Sound — 8
The Darkness burst onto the world music scene in 2003 with their classic debut album "Permission to Land," which went platinum in four countries. However, it soon became clear that the raunchy, balls to the wall mentality of the album translated to real life; the band went too far with the sex, drugs, rock and roll approach and within three years, lead singer Justin Hawkins was in rehab for a cocaine addiction and The Darkness had broken up. In 2011, the band got back together. "Last of Our Kind" is the band's second album since their reunion, featuring Emily Dolan Davies on drums to replace original drummer Ed Graham who left the band just prior to the recording of the album. But between the recording and release of the album, Davies left the band and was replaced by Rufus Taylor, the son of Queen drummer Roger Taylor. Needless to say, the world is praying for young Rufus, who is widely expected to spontaneously combust in the near future.
In all seriousness, The Darkness have spent the last decade trying to live up to their bombastic debut. With this album though, instead of trying to equal their first album, the band is trying something different: a concept album based on medieval Viking/Danish invasions of the UK. The Darkness backs up the eclectic theme of the album with some eclectic (for their music) sounds that involve a good deal of synthesizers and modulation effects to complement their standard '70s hard rock sound. In keeping with the Spinal Tap references, the first synth notes of "Mighty Wings" sound eerily similar to "Stonehenge."
Despite the addition of the synthesizers, this album is still intensely guitar driven. The guitar work is The Darkness' best since "Permission to Land." All of the songs are filled with memorable riffs (though they're not always the first riff) and melodic pentatonic guitar solos that add substance to the songs. Rarely do the solos venture into sections that are just aimless shredding, though Justin does have a few moments where his tapping ventures a little too far from the designated path. Dan Hawkins' cranked Marshall tone, awesome as ever, is engineered better here than on the band's last album "Hot Cakes."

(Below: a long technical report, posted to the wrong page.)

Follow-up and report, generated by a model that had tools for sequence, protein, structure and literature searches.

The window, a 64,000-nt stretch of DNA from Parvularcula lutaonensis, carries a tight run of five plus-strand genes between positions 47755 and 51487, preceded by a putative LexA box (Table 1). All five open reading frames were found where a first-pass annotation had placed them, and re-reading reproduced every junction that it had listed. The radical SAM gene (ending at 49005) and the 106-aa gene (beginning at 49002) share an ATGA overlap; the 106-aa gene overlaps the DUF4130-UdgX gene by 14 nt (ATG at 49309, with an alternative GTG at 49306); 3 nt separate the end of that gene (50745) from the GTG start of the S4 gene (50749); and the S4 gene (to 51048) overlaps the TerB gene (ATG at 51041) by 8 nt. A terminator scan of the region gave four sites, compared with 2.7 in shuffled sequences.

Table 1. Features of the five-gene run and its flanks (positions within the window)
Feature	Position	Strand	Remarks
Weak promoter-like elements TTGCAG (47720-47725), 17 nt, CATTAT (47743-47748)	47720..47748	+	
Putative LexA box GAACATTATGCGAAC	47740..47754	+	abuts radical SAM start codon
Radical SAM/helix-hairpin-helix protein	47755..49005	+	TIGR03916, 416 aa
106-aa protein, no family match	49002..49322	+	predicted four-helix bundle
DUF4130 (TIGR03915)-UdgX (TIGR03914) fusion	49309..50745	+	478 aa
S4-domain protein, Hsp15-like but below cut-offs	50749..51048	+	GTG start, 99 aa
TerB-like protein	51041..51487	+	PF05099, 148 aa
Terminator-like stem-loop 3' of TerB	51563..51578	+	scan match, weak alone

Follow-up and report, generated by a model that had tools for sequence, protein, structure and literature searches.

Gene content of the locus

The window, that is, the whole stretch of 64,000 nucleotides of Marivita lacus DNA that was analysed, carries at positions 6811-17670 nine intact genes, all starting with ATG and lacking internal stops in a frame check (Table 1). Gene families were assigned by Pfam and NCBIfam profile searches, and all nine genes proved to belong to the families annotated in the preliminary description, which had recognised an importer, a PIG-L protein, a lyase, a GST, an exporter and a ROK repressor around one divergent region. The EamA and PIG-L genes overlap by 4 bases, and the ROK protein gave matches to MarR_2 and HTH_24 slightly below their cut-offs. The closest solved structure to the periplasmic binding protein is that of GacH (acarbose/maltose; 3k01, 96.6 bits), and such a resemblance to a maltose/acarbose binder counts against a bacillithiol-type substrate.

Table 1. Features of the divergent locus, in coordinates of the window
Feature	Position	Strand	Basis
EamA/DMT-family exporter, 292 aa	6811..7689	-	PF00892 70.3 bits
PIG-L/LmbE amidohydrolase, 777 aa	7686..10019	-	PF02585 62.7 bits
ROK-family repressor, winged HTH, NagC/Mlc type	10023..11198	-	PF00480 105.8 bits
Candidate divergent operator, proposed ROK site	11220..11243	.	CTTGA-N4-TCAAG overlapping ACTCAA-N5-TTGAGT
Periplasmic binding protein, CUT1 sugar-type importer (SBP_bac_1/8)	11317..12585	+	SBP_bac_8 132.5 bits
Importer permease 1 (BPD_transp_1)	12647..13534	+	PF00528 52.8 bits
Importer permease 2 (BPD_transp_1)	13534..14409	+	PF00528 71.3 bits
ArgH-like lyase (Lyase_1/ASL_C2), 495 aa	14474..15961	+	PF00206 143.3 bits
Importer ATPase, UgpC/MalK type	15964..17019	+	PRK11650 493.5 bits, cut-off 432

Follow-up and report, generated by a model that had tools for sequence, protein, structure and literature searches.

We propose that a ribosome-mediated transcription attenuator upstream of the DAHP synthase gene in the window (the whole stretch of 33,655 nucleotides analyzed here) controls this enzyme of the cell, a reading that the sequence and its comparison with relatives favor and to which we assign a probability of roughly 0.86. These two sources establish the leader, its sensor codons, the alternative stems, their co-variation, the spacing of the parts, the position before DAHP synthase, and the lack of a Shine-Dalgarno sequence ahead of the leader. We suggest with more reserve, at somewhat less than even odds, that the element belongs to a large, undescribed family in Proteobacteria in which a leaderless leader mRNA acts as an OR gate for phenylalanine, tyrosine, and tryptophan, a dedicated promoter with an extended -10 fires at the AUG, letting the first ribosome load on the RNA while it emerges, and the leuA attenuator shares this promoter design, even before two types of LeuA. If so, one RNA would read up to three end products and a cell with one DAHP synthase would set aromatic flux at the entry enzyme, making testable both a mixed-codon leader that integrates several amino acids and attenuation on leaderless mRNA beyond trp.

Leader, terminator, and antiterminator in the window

The drumming on the album is noticeably weak. Drums for The Darkness have always been simple under Ed Graham, but it seems that Emily Dolan Davies took this as a command to do nothing more than keep time. With Graham, there would usually be a couple of memorable fills or hits. Davies' drumming isn't bad in the manner that she seems unskilled. But it is so restricted it almost seems like she was nervous to intrude on Dan Hawkins' guitar parts.
Another unfortunate weakness of this album is its lack of star power. All of the songs are either average or very good, but none are over the top. On "Permission to Land," there were many songs that had the "it" factor to make them special, like "Get Your Hands Off My Woman," "Love on the Rocks With No Ice," and most notably "I Believe in a Thing Called Love." These songs took a certain element, whether it was pop sensibility or overdriven testosterone, over the top to make something truly memorable. Most of the songs on "Last of Our Kind" are on the level of the secondary songs of "Permission to Land," like "Givin' Up" and "Holding My Own." Of course, this is still better than almost anything The Darkness has released in the last decade, yet at the same time, it doesn't seem like enough to jumpstart their career, which is in desperate need of new, solid support outside of the UK.
Lyrics — 6
On this album, Justin Hawkins retains that high-pitched, often falsettoed voice that most people seem to either love or hate. He does a nice job stretching his voice to its outermost limits with the falsetto, but sometimes this sounds annoying and childish (chorus of "Barbarian") than cool, though there are the cool moments. A weird part with Hawkins' voice on this album is that there are two songs ("Open Fire" and "Conquerors") where the vocals are sung in a lower register than Hawkins usually sings. No other singers are credited on the album but I wouldn't be surprised if it came out that someone else was singing on those songs.
Lyrically, it seems like Hawkins is treating his historical subject like a comic book. Maybe it's just that his voice seems so juvenile, but Hawkins is certainly not giving his subject the Iron Maiden history treatment. In addition, if The Darkness consciously care about reaching the top again (though they very well may not), they should realize that "I believe in a thing called love" has more mainstream appeal than the Viking line, "We are the last of our kind," especially when considering that the guitar parts would be the same regardless of the album's theme.
Overall Impression — 8
One of the nice surprises about this album is its replay value. I have listened to the album maybe four times by now and it gets better with each listen. I would have thought that straight ahead rock like The Darkness' would be easy to gauge on a first listen but they have proven me wrong. While this album doesn't quite live up to "Permission to Land," it is still the band's best work in a decade. It will certainly give The Darkness' live show, one of the best in the world, the fuel it needs to forge ahead. Moreover, while the band does take a slight departure from its normal album shtick, it is still clear that the band is trying to live up to the reputation that they built for themselves in 2003.